We draw on the â€œfundamental theory of the firmâ€ to present three distinct knowledge management strategies: a knowledge hierarchy, a knowledge market, and a knowledge community. Most firms will use one strategy for some knowledge needs and a different strategy for other knowledge needs. All three strategies deliver knowledge by blending people-to-document (codification) and people-to-people (personalization) approaches, depending on the nature of the knowledge. A knowledge hierarchy views knowledge as a formal organizational resource. It manages knowledge creation, development, and reuse through deliberate, authority-based processes, using the traditional management hierarchy of a welldefined organizational unit. This knowledge hierarchy strategy is best suited for rapidly changing knowledge where the goal is to substitute expert knowledge for the knowledge of less experienced people.A knowledge market treats knowledge as an individual resource. It manages knowledge creation, development, and reuse through organizational policies that encourage knowledge sharing. This knowledge market strategy is best suited for knowledge that evolves slowly and where the goal is to augment the knowledge of experts.A knowledge community views knowledge as a communal resource. It manages knowledge creation, development, and reuse through informal, trust-based processes within a group of individuals. They share a common interest, but they are often spread throughout the firm. This knowledge community strategy is best suited for moderately changing knowledge where the goal is to augment the knowledge of experts.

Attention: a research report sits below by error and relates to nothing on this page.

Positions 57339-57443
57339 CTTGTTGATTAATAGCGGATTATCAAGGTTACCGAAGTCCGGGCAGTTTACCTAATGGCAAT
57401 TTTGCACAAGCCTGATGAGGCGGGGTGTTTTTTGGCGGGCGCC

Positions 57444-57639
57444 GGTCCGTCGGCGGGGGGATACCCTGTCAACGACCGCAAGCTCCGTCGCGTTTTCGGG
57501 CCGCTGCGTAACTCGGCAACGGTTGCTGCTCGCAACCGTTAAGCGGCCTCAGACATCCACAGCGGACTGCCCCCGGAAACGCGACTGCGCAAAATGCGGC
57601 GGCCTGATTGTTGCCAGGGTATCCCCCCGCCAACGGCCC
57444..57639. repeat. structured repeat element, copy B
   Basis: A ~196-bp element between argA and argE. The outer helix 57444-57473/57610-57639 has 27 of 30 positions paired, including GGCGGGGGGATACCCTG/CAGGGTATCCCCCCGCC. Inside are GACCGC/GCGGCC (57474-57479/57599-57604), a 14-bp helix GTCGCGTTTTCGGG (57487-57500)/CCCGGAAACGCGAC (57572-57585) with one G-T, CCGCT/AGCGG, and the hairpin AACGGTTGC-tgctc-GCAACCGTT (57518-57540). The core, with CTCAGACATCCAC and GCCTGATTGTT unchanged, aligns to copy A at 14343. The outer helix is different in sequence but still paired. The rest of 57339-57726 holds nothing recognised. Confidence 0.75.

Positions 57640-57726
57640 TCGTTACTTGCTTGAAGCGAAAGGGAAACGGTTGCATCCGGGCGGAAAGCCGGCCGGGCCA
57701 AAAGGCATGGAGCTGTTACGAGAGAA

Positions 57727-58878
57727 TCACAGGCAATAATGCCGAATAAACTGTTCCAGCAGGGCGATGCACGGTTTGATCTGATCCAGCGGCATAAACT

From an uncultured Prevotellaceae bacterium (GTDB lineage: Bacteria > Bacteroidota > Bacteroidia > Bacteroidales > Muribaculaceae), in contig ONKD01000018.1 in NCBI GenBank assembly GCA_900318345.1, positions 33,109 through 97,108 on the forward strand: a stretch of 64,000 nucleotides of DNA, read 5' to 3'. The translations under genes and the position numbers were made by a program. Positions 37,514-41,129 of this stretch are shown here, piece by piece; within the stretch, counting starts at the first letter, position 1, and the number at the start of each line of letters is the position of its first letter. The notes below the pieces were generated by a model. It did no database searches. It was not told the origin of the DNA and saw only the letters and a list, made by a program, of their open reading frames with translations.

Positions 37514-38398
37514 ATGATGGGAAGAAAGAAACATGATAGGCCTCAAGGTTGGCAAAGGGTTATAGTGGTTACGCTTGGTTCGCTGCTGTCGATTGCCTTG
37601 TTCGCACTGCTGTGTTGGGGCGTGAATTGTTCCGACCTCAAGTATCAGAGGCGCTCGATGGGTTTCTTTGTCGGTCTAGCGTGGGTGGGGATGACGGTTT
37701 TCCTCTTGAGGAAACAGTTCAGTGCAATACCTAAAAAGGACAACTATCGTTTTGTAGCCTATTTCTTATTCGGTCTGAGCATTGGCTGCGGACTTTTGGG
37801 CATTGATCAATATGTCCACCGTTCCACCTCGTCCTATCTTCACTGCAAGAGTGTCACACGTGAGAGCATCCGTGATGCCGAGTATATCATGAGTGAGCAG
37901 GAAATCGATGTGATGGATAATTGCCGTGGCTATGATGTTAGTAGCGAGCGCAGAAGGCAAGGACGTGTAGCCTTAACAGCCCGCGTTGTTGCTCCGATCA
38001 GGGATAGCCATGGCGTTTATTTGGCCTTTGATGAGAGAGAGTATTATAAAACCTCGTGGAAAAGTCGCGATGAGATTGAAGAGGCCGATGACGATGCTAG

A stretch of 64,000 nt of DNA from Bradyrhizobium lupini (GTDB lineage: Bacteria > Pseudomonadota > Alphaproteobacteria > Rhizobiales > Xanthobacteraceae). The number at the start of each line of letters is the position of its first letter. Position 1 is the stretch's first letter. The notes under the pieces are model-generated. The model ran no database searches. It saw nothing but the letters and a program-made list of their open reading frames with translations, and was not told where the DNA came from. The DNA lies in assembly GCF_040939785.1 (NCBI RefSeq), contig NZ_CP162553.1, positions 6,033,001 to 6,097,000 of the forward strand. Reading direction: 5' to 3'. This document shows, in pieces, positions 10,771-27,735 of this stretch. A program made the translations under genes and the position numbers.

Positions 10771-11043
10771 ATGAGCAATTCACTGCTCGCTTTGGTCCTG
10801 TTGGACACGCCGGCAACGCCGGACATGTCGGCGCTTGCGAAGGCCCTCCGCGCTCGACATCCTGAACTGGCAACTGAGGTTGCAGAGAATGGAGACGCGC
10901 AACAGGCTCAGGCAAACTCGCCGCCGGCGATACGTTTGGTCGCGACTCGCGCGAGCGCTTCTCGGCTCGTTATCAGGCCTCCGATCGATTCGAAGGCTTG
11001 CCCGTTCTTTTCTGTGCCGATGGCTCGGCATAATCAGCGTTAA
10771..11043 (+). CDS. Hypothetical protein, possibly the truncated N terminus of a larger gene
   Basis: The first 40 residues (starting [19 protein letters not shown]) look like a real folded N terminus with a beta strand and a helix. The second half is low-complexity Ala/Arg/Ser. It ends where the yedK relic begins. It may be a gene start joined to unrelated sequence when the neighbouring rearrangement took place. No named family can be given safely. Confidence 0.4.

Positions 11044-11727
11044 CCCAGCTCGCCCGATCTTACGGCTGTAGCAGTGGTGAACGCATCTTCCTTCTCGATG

Dennis, Alan R. and Vessey, Iris
"Three Knowledge Management Strategies: Knowledge Hierarchies, Knowledge Markets, and Knowledge Communities,"
MIS Quarterly Executive: Vol. 4:
4, Article 4.
Available at: https://aisel.aisnet.org/misqe/vol4/iss4/4